Nigeria national cricket team: Wikis

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Nigeria
Flag of Nigeria
Flag of Nigeria
ICC membership granted 2002
ICC member status Associate member
ICC development region Africa
World Cricket League division Seven
World Cricket League Africa Region division Two
Captain Wale Adeoye
Coach {{{current_coach}}}
First recorded match 1904 v Ghana (then Gold Coast)
As of 6 April 2008

The Nigeria national cricket team is the team that represents the country of Nigeria in international cricket matches. Cricket has been played in the country since the late 19th century, and the national team played their first match in 1904.[1] The Nigeria Cricket Association has been an associate member of the International Cricket Council since 2002.[2]

Contents

History

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Early years

Cricket has been played in Nigeria since the late 19th century when the game was introduced by the British. Contacts between the administration in Lagos and their counterparts in Gold Coast (now Ghana) led to an international in 1904, the Gold Coast winning by 22 runs.[1]

The match became an annual fixture and for the first three matches was multi-racial. The fourth fixture in December 1906 was for Europeans only, and the African population started their own annual fixture in 1907. Internationals stopped for the First World War, and did not restart until the mid-1920s.[1]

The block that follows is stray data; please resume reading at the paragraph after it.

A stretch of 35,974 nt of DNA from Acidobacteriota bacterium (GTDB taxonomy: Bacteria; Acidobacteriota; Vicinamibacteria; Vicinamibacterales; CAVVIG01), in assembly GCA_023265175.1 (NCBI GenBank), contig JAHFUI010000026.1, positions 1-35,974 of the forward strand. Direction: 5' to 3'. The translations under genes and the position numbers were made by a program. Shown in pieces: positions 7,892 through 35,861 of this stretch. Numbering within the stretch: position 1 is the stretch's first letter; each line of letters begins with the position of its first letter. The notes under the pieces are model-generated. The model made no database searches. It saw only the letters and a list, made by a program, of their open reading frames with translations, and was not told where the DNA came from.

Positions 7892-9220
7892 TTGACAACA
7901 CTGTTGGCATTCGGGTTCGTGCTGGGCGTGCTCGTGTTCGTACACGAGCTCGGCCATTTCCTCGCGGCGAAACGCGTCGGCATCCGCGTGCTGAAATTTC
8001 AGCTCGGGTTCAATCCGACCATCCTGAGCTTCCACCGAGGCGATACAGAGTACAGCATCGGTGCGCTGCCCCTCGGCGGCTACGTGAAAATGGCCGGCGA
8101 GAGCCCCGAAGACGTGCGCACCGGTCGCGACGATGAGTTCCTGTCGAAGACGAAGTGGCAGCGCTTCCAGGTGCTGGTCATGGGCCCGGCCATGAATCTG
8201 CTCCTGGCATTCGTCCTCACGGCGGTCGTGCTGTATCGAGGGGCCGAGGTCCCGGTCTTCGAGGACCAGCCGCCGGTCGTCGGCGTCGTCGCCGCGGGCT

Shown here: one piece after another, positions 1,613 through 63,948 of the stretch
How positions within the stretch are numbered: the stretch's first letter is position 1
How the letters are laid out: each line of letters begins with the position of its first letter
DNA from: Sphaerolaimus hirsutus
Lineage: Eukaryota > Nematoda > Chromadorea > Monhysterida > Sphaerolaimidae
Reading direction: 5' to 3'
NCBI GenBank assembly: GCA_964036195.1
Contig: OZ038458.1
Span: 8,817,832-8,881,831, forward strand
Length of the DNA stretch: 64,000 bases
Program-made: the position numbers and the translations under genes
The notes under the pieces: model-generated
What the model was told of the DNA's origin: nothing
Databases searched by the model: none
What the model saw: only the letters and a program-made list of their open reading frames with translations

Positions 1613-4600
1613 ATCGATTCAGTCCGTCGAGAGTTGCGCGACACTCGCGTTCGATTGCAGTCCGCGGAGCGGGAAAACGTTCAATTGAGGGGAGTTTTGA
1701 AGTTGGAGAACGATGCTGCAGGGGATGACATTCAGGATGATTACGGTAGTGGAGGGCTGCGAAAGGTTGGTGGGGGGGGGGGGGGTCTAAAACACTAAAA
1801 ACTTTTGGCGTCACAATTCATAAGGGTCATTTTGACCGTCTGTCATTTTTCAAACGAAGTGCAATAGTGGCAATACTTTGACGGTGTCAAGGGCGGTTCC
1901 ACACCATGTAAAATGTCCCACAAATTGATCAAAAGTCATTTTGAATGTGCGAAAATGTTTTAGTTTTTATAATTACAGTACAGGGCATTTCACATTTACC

Between the two world wars, cricket began to become more formally organised in the country with two cricket associations for the Europeans and Africans being formed in 1932 and 1933 respectively. First-class cricketers from England began to appear in the annual matches against Gold Coast[1], and the 1939 match, the last before World War II ended in a 58 run win for Gold Coast.[3]

Matches resumed after the war with a five day match in Lagos in 1947 which ended in a draw.[4] The 1949 match went the way of the Gold Coast.[5] As the number of Europeans working in the country reduced, the quality of the African players increased and cricket began to be organised on multi-racial lines in 1956.[1]

Post independence

Following Nigeria's independence in 1960, there was much interest in cricket. Annual matches against Sierra Leone and The Gambia began in 1964, and were evenly contested until the late 1970s, when football began to become more popular in the country. Cricket began a process of decline, and when Tanzania toured in 1974, Nigeria lost two of the three matches and drew the other. They also lost heavily to the MCC in 1976. Internal problems with both the Nigeria Cricket Association and in Nigeria itself led to a decline in standards, though Nigeria formed a majority of the players on the West Africa cricket team[1] that became an ICC associate member in 1976.[6]

The West Africa team took part in the ICC Trophy tournaments of 1982 and 1997 before withdrawing from the 2001 tournament in Ontario.[7] Nigeria still continued to play on their own on occasion,[1] though they sometimes withdrew from tournaments, as at the 1998 Africa Cricket Association Championship.[8] The West African Cricket Conference ceased to exist in 2002,[1] and Nigeria became an associate member of the ICC in their own right the same year.[2]